I love sports. To me, sports are both a guide through and a microcosm of life. No voluntary activity has made more of an impact on my life than playing sports, and nothing has better prepared me for life’s trials than my time on the court or field. Sports teach self-discipline, accountability, and how to cope with disappointment and success. Even more so, playing on a team teaches self-sacrificial love similar to the type that Christ models for us all. It is one of the few places in our society where you learn to put the welfare of your brothers and sisters above your own for the sake of a greater purpose.

It is telling that Jesus refers to others in this way. Brotherhood and sisterhood are truly special bonds that transcend many of the challenges and squabbles that can destroy other types of relationships. It seems that calling someone your brother or sister is offering the highest form of companion love found outside a romantic or parental relationship.

So, stories such as this one are both heart-warming and relatable. At the World Triathlon Series Race in Cozumel, Mexico on Sunday, an all-too-familiar scene began to unfold. Alone in the lead, Jonny Brownlee hit his limit just a few feet from the finish line. He slowed to a walk, wobbled on his feet, and fell to his knees. A few seconds later, two competitors caught a now-floundering Jonny, and while one raced on, the other decided to re-write Jonny’s sealed fate. That racer gave up his chance to win, helped Jonny to his feet, and assisted him across the finish line. That Good Samaritan was none other than Jonny’s brother, Alistair.

We all like to place ourselves in Alistair’s shoes and imagine that we too would do the right thing. Maybe, we even have someone in mind that’s fallen just before the finish line, and our hearts swell with love at the thought of helping that person on his or her journey. And, before we smile to ourselves, take our encouragement, and continue with the rest of our day, I want to point out what Alistair said about his kind deed.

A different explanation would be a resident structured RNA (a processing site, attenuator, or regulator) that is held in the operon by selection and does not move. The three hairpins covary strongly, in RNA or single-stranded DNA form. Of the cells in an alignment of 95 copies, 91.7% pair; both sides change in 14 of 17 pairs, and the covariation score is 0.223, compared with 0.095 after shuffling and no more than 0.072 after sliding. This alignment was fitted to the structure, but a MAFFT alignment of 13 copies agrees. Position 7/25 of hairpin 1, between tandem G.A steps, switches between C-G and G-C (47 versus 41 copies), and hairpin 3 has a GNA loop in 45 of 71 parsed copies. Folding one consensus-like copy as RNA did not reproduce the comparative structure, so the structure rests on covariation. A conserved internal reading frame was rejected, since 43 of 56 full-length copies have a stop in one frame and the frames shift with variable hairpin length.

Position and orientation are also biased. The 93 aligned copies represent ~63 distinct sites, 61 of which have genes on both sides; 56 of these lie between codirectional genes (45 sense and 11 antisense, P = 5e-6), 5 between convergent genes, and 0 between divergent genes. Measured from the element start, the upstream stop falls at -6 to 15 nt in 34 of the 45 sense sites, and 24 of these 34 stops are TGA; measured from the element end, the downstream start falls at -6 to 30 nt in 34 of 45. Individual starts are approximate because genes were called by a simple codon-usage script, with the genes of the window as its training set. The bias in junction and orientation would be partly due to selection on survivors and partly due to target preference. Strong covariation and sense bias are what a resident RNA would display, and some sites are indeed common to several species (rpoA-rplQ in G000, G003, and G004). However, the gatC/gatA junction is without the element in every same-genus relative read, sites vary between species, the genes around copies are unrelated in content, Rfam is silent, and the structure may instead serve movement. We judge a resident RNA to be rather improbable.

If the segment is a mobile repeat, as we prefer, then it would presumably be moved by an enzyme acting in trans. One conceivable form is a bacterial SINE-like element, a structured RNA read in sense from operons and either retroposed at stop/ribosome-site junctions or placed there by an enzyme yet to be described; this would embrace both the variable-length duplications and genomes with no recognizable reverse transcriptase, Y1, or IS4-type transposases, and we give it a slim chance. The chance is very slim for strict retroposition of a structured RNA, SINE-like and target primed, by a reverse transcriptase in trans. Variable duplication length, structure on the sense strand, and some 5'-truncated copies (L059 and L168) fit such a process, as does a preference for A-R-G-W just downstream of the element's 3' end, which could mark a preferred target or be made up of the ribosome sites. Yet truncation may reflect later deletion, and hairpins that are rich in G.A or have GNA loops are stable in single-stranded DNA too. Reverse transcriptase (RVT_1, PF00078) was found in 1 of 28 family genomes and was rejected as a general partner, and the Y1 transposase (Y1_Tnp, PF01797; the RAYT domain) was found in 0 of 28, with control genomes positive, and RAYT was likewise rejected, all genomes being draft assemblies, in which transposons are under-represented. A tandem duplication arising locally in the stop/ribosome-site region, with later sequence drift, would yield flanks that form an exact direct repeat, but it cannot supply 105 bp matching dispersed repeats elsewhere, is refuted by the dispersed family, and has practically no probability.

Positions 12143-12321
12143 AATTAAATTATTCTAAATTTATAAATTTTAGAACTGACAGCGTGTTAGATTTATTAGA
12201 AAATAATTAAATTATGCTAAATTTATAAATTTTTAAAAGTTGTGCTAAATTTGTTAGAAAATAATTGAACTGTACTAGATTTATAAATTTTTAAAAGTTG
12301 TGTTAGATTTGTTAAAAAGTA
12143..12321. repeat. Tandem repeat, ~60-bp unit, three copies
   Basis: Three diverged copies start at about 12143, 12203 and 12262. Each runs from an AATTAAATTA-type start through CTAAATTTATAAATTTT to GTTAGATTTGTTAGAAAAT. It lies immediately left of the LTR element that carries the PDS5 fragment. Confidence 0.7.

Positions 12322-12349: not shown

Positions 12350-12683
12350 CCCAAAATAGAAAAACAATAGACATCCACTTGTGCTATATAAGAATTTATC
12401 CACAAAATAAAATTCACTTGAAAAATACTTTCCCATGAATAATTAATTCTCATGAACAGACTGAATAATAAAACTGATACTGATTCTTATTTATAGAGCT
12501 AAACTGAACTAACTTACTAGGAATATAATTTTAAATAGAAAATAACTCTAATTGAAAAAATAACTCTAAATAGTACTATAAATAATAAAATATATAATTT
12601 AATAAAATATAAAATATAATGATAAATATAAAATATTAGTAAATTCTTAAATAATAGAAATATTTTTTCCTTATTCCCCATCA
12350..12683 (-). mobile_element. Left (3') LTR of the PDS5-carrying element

“If anyone was in that position I would have helped them across the finish line to get medical help as quickly as possible.”

That changes things a bit, doesn’t it? Suddenly, this isn’t someone donning his cape and playing the hero, but a self-aware citizen of humanity. While something as obvious and agonizing as a competitor overheating before he finishes a race has a very clear course of action to remedy the problem, how many others in need do we come across that we pass by? In our lives, are we like the Good Samaritan when we see someone left for dead on the side of the road, or like the priest or Levite, do we pass by on the other side? When we are not on display for the entire world to see, will we still make the right choice?

Jesus said, “whoever wishes to become great among you must be your servant, and whoever wishes to be first among you must be slave of all. For the Son of Man came not to be served but to serve, and to give his life a ransom for many.” (Mark 10:43-45)

We look at the great act of kindness by Alistair towards his brother and think it is noble and noteworthy, and that is right. But, Jesus challenges each of us to dedicate our lives to those types of acts of service, not only to our brother by blood, but to all our brothers and sisters under God. Let’s take one step towards living that life. It doesn’t have to be Earth-shattering in scale, but try to spread God’s love by doing one small thing to help someone in need today.

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